Tales Of Banaras


The very FIRST look of the FIRST piece from our very FIRST COLLECTION.
When I design I fell in love with handwoven silk weaves over and over again. Just a look at fabric with a touch of Banaras is so blissful; the colours and the exquisite weaving pattern gives you a feel of the place; a sense of belonging, a feeling of pride in our heritage. And my heart goes out to karigars who are keeping the art of hand weaving alive despite the temptation of power looms. We need to salute them for their consistent hard work. Acknowledgement can come only when we showcase their work onto the national mainstream in a big way.” This is my take on the beautifully handcrafted and handwoven banarasi silk weaves.
so here’s presenting to you the very first collection..

“Tales of Banaras!!”


The silk industry in paithan developed atleast 2000-2500 years back.

Paithan finds a mention in the Naradpuran, although the purans may not be an accurate representation of history. Paithan is mentioned in accounts of foreign travelers and merchants. Trade in paithan was heriditary and through the sea. A proof of this are the coins of Satvahans found in Paithan, which bear the symbol of the ship. Raja Hal from the Satavahanas, was patron of the arts and he commissioned a series of poems (Charoli , poems made of 4 lines ) about his capital. Pratishtana from his citizens. From this, a collection of 700 poems known as ‘Gathasaptasati’ or “Gatha Sattasai’ was composed. This ‘Gatha sattasai’ has mentions of the Paithani in it. Some poems mention how the ladies of Rome wait eagerly for the ship to come from Paithan bearing silks. Since the trade was a barter system, Rome traded Lapis Lazuli(semi precious stones), Amphorae of wine and perfumes with Paithan in exchange of silk. An amphora dating to 100 BCE was found in PAithan, completely intact and bearing evidences of wine. Some poems also bear evidences of this. However, paithan bears very few material evidences from before the 2nd century BCE , However alot of material evidences such as manuscripts, monuments, coins and seals are found from the 2nd century BCE onwards. Paithan was prominent in the dynasties of the Sheelahars, Rashtrakutas, Chalukyas, Cholas, Chellas and the PAdyaa but reached its second zenith in the dynasty of the Yadavas of Deogiri. The urban form of paithan today evolved around the 17th century (Shivkalin) and rechead its peak in the Peshwa period. The MAratha and the peshwas were not the ones patronizing the Paithani. It was also patronized by the Mughals, the Nizams, and other royal houses.Letters from the Mughal Emperor demanding cloth from Paithan are available even today with some of the Sahukars. These letters describe intricate details and orders including number of cloth, the motifs on them and even the color combinations and new designs. Since the paithani was so popular and celebrated There are several Ovya (short poems by women) describing and praising the Paithani. These ovya describe the special types of paithani such as kusumbi(chocolate brown) paithani and kalichandra (black) paithani. Paithani were also described as Padamavati in these days  although this is contested. One of the ovyas describe a kalichandra from the viewpoint of the common people. ‘Kalichandrakala vajani savvasher, barik hichi kambar, nirya padalya shambhar’ which describes a woman wearing a black paithani weighing 1.5 kg and whose waist is so slender that requires a hundred pleats to drape the paithani. The urban form of Paithan, such as the Targalli, Hatai Mohalla, Chopadegalli, Jargalli evolved in the Peshwa period. Now weavers of paithan have moved to Yeola. There were families with different caste who were involved in different steps of paithani making such as some families used to dye the silk yarn with Natural dyes they were called Rangarhatti, some families sourced silk yarn and zari, some were involved in weaving they were Bunkar. These dyes were organic and natural and prepared from flowers, roots and leaves such as kat, sag, terda etc. Paithani was at its peak at the time of Peshwa period. Sahukar wadas acted as banks for the royal families. Sahukar were facilatators for the Paithanis. They established a trade of paithanis and often commissioned Paithanis for the Marathas, Nizams and Peshwas. The sahukars would pay the weavers the cost of raw materials and certain amount for weaving and then sell Paithanis for profit.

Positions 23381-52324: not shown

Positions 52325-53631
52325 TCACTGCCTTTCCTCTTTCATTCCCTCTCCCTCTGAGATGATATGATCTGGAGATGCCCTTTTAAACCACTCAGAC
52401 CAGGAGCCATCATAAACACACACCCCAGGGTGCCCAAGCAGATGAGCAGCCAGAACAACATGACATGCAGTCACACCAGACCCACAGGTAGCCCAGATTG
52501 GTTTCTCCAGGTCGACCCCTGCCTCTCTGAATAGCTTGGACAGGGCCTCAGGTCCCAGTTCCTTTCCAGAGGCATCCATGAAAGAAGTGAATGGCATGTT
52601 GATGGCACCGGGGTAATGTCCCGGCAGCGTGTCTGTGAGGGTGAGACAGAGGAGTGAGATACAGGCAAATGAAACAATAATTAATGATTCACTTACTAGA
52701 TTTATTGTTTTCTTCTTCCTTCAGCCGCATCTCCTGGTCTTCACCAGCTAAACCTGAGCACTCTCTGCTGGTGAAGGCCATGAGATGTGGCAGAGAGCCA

Magic Of Chanderi

Chanderi to me signifies lightweight, sheer sheen, and fine texture. Chanderi textiles are fashioned by interlacing silk, and gold zari in the conventional 100 count cotton yarn, which results in the formation of that lavish, glistening texture. It was once woven to dress royalties of Madhyapradesh. Chanderis are extremely comfortable to wear. You can dress it up and dress it down whenever you want it, which means these definitely have the potential to sustain for longer than ever.

Embroidery Of Royals


Zardozi or Zardosi, a gold embroidery has existed in India since the time of the Rigveda, between 1500 and 1200 BC. It prospered during the 17th century during the reign of the Mughal emperor Akbar, but later a loss of royal patronage and industrialization led to its decline. The craft began to experience a resurgence in popularity following India's independence in 1947.

Today, zardozi is popular in the Indian cities of Lucknow, Farrukhabad, Chennai and Bhopal. In 2013, the Geographical Indication Registry (GIR) accorded Geographical Indication (GI) registration to the Lucknow zardozi. With GI status, zardozi artisans, distributors, and retailers in Lucknow and the six surrounding districts of Barabanki, Unnao, Sitapur, Rae Bareli, Hardoi and Amethi can become authorized users of the "Lucknow Zardozi" brand and carry a unique mark of authenticity.

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